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Extreme pregnancy: A look at exercise and expectant moms

Rock-climbing during pregnancy? Though it's something many women (myself included) couldn't imagine doing, extreme sports such as this aren't always avoided by expectant moms. A recent USA Today piece introduced readers to a Utah woman who's scaling rocks while 39 weeks pregnant (!) and discussed the larger issue of exercise and moms-to-be:

Not only can exercise during pregnancy make for an easier labor and delivery, it can help prevent excessive weight gain, decreasing the risk of gestational diabetes and preeclampsia, or pregnancy-induced high blood pressure, a leading cause of illness and death in moms and babies.

"For years, women were discouraged from either continuing or initiating exercise in pregnancy," says Andrew Satin, chair of obstetrics and gynecology at Johns Hopkins Bayview in Baltimore. "I think that's recently been questioned on a lot of fronts."

Still, Satin says, doctors often don't encourage it because of safety concerns: "There's been a lack of good quality research."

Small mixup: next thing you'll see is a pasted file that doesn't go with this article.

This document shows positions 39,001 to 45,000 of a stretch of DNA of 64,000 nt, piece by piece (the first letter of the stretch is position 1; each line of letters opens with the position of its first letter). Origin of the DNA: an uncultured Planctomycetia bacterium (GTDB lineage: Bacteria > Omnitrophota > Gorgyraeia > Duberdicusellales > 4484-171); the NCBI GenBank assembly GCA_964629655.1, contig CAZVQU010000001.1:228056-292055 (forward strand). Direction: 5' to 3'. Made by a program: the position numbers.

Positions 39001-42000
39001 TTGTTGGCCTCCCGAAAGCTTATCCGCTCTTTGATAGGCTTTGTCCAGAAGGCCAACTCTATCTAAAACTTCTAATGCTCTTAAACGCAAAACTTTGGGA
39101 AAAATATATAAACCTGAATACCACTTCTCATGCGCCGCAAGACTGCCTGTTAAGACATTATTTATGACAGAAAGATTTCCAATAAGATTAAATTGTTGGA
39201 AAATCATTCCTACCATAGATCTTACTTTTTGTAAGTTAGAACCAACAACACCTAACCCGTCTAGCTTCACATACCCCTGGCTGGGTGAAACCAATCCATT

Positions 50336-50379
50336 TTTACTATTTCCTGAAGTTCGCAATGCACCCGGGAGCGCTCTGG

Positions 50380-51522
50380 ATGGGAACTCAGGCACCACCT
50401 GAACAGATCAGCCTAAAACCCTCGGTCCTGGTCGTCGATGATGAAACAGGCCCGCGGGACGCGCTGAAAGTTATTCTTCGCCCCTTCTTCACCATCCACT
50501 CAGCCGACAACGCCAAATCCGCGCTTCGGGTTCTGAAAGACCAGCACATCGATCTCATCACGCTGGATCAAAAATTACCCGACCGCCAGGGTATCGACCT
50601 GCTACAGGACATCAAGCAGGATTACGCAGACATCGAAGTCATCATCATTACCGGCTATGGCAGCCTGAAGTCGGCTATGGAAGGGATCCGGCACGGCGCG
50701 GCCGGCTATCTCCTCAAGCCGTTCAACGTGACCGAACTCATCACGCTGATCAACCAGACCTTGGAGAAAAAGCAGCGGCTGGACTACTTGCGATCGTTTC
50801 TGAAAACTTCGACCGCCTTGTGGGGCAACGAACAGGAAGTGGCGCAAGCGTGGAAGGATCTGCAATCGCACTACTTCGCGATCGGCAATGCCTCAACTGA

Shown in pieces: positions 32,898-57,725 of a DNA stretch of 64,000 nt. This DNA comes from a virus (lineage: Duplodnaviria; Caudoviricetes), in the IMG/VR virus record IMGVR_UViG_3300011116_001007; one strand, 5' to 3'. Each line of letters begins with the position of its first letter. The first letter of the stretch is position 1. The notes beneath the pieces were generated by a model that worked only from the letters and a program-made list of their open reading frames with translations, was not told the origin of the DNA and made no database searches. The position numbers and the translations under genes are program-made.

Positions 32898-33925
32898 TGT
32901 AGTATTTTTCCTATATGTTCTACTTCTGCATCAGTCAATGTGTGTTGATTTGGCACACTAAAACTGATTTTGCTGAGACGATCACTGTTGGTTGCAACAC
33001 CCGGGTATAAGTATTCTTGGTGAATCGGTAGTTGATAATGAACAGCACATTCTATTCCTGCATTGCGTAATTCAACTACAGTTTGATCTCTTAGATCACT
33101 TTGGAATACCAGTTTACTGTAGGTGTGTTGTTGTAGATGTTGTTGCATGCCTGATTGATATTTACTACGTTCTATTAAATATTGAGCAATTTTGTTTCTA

The article went on to provide exercise tips for moms, and I would add that it would be prudent for pregnant women to err on the side of caution - and talk with their physician - when making decisions about exercise type. Stanford obstetrician Deirdre Lyell, MD,  once told me she advises pregnant women to avoid activities that cause their heart rate to rise above 140 beats/minute or carry a high risk of a contact-related injury.

Previously: Study: Exercise may not stave off gestational diabetes, How safe is rigorous exercise during pregnancy?, Could exercise before and during early pregnancy lower risk of pre-eclampsia?, Pregnant and on the move: The importance of exercise for moms-to-be and Pregnant curler competing in Olympics

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